Alex Tonelli, MBA ’11: What Matters to Me Now and Why

“People wrote me off as a kid from a broken home. I owe it to the people who invested in me to impact the lives of others.”

March 23, 2022

| by Alex Tonelli
An illustration of a male figure writing while papers fly up around him. | Credit: Illustration by Kim Salt.

Alex Tonelli set out to “multiply the opportunities” he’d been given. | Illustration by Kim Salt

I love the faces candidates make when I ask them the question in a job interview. I wish I could’ve seen my own face the first time I saw it. No one had asked me something like that before.

Editor’s Note

In this ongoing series, we ask our alumni to revisit their admission essay, What matters most to you, and why?, and reflect on how their worldview has changed in the years since they wrote it. Alex Tonelli, MBA ’11, is the managing partner of Endurance Companies. He lives with his wife and three children in San Francisco. 

When I applied to Stanford GSB in 2008, I didn’t know what mattered to me, let alone why. I was just trying to make it out from a tough background. My parents had disappeared when I was a baby and I became an orphan when my grandparents passed when I was young. By the time I was 17, I was couch surfing in a way that some would describe as homelessness.

At 24, I was doing my best Gordon Gekko impression as a private equity associate, proud of my tie collection, and thinking about how to land a hedge fund job. I begrudgingly embarked, probably for the first time, on some self-reflection. It occurred to me that I was exceptionally grateful for three things: my grandparents, the boarding school that gave me a scholarship, and the people who had stood up for me and given me a chance.

As I wrote, I resolved that I would, first, for my grandparents “build a family from the ashes and become a good citizen, husband, parent, and human being.” Second, I planned “to search for deserving students and provide an on-going scholarship for the Hotchkiss School.”

Lastly, “People wrote me off as a kid from a broken home, but a few adults believed in me. I owe it to the people who invested in me to impact the lives of others.” I concluded that “repaying my debts to those who invested in me is my most important priority and responsibility.”

I’ve been fortunate to collaborate with many classmates as we pursue our mission to “chase meaningful problems with people we care about.”

On The Farm I realized how I could achieve these goals. Before or after class, I went out of my way to walk past the cornerstone dedicated “to things that haven’t happened yet and the people who are about to dream them up.”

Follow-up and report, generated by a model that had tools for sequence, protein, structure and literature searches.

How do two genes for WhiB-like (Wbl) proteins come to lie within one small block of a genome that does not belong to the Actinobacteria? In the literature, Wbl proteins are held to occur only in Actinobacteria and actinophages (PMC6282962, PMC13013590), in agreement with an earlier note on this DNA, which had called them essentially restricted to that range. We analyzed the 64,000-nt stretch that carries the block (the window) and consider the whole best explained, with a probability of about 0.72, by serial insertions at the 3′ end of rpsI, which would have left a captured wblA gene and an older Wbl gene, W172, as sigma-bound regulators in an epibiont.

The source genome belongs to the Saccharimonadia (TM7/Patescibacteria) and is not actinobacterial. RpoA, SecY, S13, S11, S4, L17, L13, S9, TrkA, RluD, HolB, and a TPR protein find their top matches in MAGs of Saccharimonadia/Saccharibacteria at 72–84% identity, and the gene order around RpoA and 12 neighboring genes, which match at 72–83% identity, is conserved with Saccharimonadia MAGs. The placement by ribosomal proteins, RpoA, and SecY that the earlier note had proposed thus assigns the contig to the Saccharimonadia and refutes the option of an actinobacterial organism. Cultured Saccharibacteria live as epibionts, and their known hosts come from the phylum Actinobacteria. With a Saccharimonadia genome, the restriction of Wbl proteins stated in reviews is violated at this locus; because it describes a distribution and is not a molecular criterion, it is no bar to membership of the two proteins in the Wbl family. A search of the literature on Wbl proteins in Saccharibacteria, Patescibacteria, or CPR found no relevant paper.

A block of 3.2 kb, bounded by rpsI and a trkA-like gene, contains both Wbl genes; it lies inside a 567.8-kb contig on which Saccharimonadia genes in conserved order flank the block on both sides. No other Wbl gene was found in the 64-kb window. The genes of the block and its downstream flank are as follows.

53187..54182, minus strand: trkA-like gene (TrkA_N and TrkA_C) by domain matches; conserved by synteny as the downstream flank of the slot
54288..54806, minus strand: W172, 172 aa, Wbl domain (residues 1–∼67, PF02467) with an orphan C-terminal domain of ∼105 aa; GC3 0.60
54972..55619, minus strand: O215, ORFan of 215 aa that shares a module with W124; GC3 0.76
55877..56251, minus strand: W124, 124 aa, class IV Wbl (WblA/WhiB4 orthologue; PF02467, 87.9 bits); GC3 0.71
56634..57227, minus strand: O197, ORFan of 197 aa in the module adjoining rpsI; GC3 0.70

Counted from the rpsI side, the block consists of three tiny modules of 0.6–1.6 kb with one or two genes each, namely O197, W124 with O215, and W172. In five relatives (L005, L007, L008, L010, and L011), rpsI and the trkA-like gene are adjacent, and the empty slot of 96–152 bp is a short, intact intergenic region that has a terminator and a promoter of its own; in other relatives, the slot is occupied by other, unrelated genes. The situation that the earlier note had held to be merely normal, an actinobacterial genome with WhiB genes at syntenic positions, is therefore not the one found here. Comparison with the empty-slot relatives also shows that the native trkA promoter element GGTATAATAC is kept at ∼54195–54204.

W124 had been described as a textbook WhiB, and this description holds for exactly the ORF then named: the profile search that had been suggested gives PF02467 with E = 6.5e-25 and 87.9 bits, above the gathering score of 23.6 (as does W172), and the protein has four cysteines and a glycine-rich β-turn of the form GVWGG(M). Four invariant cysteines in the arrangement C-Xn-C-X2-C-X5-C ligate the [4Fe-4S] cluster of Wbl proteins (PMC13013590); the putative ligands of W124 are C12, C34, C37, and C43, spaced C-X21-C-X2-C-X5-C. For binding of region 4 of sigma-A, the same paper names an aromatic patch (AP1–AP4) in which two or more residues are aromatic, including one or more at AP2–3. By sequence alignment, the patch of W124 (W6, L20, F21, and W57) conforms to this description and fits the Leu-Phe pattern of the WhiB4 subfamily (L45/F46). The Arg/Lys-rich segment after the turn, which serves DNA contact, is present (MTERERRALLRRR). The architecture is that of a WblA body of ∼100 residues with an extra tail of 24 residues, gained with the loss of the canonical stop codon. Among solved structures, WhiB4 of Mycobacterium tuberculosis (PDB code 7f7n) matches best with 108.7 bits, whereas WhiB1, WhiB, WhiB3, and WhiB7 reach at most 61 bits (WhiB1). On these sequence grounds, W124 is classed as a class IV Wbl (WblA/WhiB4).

Our company, Endurance, is inspired by Sir Ernest Shackleton’s voyage, which we studied in former dean Robert Joss’ class, Issues in Leadership. Our first major success was hatched in Professor Chuck Holloway’s class Formation of New Ventures. Perhaps most importantly, I realized I needed to be a better leader while working with Carole Robin in her leadership development program.

Since then, I’ve been fortunate to collaborate with many classmates as we pursue our mission to “chase meaningful problems with people we care about.” We’ve built companies that have provided loans to people who can’t get them otherwise, healthtech that enables better care, job opportunities, medical debt relief, software democratizing capital, and fair mortgage pricing.

I’m still not sure why I made those three resolutions in 2008, but I wouldn’t change a word of what I wrote. Each day my main goal is to try to live up to the first resolution with my wonderful wife and three children. The second was perhaps the easiest: As soon as we were able, my wife and I set up a scholarship for Hotchkiss students and am working to expand its reach. Finally, I beat the alarm clock most days — I wake up energized to build companies that give people a chance.

I’ve learned that being disadvantaged isn’t an excuse to be a “taker,” but a privilege to be able to multiply the opportunities I was given. It’s funny to chalk so much up to just one question, but I’m eternally grateful that it was asked, and grateful to my classmates and collaborators who helped me pursue its answers.

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